In its early days the company suffered many vicissitudes. It was necessary to change from silent to talking films and to carry out extensive alterations and repairs to its theatres. The motion picture business suffered severely during the depression. Losses were sustained in the years 1929-1932 inclusive. For these and other reasons the early existence of the company was precarious. But the company survived its early difficulties. From 1933 onwards it made profits and at the end of 1942 was in a strong financial position. Its policy had been to husband its resources and to use its profits in the business. In consequence it never paid a dividend on its ordinary shares out of these profits and there were the arrears of dividends on the preference shares already mentioned.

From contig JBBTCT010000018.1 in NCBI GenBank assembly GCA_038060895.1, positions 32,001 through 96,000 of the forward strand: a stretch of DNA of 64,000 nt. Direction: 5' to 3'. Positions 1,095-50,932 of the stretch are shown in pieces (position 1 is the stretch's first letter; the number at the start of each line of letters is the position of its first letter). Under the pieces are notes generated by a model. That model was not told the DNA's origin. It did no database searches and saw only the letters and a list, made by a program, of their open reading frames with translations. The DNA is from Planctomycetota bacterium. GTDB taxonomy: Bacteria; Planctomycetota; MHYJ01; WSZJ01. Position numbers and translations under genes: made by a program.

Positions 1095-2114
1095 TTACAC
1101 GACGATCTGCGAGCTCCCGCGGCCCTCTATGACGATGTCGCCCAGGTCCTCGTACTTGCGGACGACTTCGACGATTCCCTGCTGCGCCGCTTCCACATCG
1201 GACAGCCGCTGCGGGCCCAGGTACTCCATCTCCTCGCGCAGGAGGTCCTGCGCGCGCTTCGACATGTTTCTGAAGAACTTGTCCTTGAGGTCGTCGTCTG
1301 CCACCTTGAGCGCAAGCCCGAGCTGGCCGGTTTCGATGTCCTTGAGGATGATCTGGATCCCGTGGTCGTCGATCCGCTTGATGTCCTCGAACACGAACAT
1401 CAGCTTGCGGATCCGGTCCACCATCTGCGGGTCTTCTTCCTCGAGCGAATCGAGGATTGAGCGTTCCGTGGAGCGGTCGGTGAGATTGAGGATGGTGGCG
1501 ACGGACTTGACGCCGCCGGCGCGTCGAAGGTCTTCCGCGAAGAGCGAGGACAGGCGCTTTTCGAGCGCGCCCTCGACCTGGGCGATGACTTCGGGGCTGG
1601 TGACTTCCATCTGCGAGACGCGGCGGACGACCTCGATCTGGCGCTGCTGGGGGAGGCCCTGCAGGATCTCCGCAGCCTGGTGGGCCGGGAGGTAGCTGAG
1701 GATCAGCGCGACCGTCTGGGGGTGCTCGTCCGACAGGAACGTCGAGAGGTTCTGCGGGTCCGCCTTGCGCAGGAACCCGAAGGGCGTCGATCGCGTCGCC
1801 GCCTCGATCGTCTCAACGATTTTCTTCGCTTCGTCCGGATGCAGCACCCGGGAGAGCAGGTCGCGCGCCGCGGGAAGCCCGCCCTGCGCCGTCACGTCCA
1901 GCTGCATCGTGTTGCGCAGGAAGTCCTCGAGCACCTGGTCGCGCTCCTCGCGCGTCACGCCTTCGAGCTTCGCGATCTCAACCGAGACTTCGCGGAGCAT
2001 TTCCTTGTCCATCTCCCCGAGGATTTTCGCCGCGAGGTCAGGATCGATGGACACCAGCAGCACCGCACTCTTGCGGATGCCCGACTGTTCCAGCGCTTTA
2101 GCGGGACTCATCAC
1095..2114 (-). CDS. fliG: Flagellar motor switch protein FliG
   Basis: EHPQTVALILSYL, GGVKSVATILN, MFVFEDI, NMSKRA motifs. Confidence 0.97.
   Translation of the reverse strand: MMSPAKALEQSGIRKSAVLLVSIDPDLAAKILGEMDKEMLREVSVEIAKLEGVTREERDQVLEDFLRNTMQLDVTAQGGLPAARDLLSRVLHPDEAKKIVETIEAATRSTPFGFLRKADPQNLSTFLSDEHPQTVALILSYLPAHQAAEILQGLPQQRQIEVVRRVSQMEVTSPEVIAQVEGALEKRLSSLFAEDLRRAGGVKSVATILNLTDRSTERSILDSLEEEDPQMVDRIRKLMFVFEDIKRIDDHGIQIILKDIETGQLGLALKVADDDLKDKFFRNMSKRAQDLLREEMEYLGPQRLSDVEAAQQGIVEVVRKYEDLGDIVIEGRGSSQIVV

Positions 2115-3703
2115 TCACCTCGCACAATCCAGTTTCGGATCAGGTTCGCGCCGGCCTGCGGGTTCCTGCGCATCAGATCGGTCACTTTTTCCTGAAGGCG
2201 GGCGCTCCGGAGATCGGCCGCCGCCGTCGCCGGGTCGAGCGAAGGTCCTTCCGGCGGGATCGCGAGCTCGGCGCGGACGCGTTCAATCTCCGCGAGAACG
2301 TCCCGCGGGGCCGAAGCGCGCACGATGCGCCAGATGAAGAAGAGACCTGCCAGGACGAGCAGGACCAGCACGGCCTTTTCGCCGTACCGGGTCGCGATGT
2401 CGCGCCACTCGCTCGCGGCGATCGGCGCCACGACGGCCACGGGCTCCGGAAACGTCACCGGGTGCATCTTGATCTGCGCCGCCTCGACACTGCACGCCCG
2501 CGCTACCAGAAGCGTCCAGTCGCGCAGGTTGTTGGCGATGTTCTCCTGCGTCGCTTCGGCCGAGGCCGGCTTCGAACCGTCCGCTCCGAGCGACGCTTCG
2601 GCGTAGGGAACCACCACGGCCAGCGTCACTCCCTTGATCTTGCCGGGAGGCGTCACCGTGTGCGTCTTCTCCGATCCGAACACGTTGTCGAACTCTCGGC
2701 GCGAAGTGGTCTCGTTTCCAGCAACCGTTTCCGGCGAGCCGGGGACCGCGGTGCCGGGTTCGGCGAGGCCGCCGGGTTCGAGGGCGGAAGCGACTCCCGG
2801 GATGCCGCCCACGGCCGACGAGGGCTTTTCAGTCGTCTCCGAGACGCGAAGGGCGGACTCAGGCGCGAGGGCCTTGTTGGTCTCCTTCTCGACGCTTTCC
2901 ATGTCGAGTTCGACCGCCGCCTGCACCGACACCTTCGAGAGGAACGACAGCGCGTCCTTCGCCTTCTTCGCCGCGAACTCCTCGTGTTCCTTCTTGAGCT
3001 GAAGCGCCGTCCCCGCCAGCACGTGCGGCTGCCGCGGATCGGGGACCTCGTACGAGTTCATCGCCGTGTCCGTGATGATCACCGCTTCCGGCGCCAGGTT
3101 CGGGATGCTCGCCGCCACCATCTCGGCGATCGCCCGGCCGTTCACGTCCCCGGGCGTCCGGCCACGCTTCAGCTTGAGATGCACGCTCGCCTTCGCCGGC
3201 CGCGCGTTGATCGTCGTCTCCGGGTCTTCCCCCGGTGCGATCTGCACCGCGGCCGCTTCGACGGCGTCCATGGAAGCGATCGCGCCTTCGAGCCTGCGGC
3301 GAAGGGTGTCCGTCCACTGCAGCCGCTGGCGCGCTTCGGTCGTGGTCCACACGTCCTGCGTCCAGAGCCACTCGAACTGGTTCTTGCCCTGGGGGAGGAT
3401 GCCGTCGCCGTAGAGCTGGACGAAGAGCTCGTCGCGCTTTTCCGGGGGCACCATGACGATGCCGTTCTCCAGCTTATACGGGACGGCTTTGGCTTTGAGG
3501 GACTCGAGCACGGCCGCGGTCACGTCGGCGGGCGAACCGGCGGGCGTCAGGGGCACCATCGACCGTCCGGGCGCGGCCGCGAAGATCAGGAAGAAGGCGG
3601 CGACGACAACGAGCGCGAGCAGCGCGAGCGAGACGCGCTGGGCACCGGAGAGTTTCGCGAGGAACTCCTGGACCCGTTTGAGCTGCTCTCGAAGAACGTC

The company was a private company within the meaning of Pt III, Div 7, of the Income Tax Assessment Act 1936-1942, and therefore had to pay the special tax on its undistributed income. Prior to 14th December 1940, when s 7(c) of the Income Tax Assessment Act (No 2) 1940 came into force and applied to all assessments for the financial year beginning 1st July 1940 and subsequent years, this tax was payable on two thirds of the distributable income, but after this date it was payable on the whole of the distributable income. As a result the net profits shown in the company's accounts are net profits arrived at after deducting not only ordinary company tax but also this special tax. As a further result the company had a balance to profit and loss account and reserves amounting to £57,286 which under s 107 of the Income Tax Assessment Act when distributed to shareholders would be free of Federal income tax in their hands.